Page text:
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Press Release

Nonprofit Owner Pleads Guilty in Public Corruption Scheme

For Immediate Release
U.S. Attorney's Office, Northern District of Texas

A local nonprofit owner has pleaded guilty to his role in a public corruption scandal, admitting he funneled bribes from real estate developer Ruel Hamilton to former Dallas City Council Member Carolyn Davis, announced U.S. Attorney for the Northern District of Texas Erin Nealy Cox.

Jeremy Scroggins, 44, pleaded guilty to misprision of a felony, or concealing knowledge of the actual commission of a felony, before Chief U.S. District Judge Barbara M.G. Lynn on Tuesday.

“As I have said from the start of my tenure as U.S. Attorney, North Texas will not and cannot tolerate public corruption at any level,” said U.S. Attorney Nealy Cox. “Mr. Scroggins facilitated bribe payments, and must be held accountable. ”

“Public corruption is one of the FBI’s top criminal priorities. It is often a multilayered scheme that extends much further from our elected officials,” said Matthew J. DeSarno, Special Agent in Charge of the FBI Dallas Field Office. “We are committed to investigating all levels of these deceptive schemes, including individuals like Mr. Scroggins who facilitate bribes.”

In plea papers, Mr. Scroggins, the owner of nonprofit Hip Hop Government (HHG), admits that Mr. Hamilton repeatedly wrote checks payable to Mr. Scroggins or HH, but these payments were generally meant for Ms. Davis.   

Mr. Scroggins – who knew the payments were intended to influence the councilwoman’s official actions on Mr. Hamilton’s housing projects – admits that he cashed Mr. Hamilton’s checks and transferred the funds to Ms. Davis in cash without alerting authorities.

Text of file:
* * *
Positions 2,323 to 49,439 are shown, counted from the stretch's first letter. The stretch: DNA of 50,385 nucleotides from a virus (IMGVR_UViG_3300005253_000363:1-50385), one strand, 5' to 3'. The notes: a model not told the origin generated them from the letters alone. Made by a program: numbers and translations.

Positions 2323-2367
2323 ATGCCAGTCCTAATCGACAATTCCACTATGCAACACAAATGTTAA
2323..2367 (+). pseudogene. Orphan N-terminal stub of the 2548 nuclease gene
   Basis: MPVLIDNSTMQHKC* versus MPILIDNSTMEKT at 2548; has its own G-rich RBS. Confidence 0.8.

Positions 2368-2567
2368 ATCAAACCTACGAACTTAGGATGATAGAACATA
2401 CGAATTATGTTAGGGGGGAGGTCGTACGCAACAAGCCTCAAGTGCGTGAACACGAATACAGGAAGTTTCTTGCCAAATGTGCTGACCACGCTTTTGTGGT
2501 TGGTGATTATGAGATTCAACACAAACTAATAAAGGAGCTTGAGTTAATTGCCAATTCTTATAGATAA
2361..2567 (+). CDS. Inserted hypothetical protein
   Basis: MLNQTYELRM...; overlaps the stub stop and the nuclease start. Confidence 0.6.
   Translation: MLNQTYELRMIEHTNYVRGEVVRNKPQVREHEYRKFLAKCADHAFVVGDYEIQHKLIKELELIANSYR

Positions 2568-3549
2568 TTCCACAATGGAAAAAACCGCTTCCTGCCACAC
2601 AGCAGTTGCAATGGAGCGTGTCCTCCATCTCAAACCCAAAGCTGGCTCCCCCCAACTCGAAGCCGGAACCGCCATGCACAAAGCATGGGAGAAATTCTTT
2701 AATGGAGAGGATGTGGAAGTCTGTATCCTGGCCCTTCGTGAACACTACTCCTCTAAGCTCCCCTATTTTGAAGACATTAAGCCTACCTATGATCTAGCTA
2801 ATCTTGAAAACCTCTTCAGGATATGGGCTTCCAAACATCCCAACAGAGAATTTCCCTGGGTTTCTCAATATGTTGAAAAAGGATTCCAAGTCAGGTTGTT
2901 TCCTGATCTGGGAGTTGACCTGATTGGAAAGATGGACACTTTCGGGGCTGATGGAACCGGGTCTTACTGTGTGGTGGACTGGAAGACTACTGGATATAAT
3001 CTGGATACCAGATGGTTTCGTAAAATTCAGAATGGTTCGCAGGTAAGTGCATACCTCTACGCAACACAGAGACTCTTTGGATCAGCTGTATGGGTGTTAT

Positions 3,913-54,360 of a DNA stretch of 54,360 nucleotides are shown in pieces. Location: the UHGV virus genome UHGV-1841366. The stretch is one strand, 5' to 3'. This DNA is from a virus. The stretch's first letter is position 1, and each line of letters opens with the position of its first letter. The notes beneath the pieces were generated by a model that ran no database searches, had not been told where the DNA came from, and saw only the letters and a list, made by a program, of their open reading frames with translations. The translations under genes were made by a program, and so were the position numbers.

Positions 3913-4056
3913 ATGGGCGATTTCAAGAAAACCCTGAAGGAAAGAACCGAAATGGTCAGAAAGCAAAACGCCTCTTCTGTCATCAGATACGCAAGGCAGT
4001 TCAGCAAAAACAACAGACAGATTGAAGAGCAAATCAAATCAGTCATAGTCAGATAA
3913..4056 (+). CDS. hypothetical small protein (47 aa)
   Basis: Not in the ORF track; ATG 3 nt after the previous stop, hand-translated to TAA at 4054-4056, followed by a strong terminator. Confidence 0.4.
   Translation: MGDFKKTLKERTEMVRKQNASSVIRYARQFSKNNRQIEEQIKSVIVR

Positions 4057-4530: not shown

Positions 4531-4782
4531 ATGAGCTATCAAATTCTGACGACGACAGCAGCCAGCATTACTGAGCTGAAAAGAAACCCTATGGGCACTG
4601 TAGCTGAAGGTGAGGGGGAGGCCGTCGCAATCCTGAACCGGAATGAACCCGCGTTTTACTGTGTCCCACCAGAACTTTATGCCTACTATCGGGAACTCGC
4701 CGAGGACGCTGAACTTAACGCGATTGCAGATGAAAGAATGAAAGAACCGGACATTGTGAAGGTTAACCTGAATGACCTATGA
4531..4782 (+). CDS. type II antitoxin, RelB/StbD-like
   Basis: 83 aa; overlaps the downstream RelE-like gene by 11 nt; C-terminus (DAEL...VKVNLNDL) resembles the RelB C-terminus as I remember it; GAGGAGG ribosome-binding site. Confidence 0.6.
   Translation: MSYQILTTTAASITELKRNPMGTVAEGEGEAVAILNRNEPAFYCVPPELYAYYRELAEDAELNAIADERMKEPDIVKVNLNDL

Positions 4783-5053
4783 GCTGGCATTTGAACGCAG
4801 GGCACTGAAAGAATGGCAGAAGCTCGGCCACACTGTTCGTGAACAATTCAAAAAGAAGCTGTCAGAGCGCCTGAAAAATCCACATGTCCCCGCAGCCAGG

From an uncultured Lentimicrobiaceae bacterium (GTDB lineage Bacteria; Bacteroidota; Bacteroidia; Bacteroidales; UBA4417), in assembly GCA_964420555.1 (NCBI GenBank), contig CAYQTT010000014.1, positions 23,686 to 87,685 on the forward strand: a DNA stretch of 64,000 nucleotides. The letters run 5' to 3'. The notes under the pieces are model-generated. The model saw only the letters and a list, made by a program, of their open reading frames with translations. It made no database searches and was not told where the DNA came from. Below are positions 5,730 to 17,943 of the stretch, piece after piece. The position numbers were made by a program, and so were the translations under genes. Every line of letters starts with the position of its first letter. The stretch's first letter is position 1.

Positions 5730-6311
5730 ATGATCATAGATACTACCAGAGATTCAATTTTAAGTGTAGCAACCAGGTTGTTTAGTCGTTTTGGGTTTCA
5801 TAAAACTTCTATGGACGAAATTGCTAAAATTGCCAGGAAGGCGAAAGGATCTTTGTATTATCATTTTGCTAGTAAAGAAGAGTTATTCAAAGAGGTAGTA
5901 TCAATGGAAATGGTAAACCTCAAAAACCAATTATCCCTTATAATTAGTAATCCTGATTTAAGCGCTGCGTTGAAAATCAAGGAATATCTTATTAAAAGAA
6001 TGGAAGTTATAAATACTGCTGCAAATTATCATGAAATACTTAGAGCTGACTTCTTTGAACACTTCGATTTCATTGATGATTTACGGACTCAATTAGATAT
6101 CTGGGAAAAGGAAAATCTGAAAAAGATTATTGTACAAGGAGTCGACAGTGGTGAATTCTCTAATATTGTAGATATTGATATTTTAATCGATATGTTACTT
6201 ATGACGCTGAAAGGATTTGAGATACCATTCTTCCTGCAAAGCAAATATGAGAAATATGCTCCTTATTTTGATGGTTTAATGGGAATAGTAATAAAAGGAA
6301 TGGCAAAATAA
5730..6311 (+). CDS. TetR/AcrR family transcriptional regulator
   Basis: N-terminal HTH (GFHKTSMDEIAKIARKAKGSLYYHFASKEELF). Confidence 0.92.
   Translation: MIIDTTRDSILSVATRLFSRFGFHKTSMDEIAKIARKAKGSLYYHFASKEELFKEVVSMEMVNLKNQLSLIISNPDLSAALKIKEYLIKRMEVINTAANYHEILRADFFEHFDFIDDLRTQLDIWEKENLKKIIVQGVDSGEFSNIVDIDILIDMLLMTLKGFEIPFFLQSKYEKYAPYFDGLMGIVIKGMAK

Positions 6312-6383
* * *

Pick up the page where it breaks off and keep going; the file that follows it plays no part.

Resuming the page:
The late Ms. Davis pleaded guilty to conspiracy to commit bribery in March and was set to be sentenced September 20. Mr. Hamilton was charged with bribery in February, and has entered a plea of not guilty. Like all defendants, Mr. Hamilton is presumed innocent until proven guilty in a court of law. His trial is slated for January 6, 2020.

“We were shocked to hear of Ms. Davis’ tragic passing, and our sympathies go out to her family, friends, and former constituents,” said U.S. Attorney Nealy Cox. “Ms. Davis took responsibility for her conduct and she never wavered in her desire to make things right. We are confident justice will be served in all our public corruption cases.”

The Federal Bureau of Investigation conducted the investigation with assistance from the Internal Revenue Service - Criminal Investigations. Assistant U.S. Attorneys Marcus Busch, Andrew Wirmani, and Chad Meacham are prosecuting the case.


Erin Dooley, Public Affairs Officer

Updated July 26, 2019

Public Corruption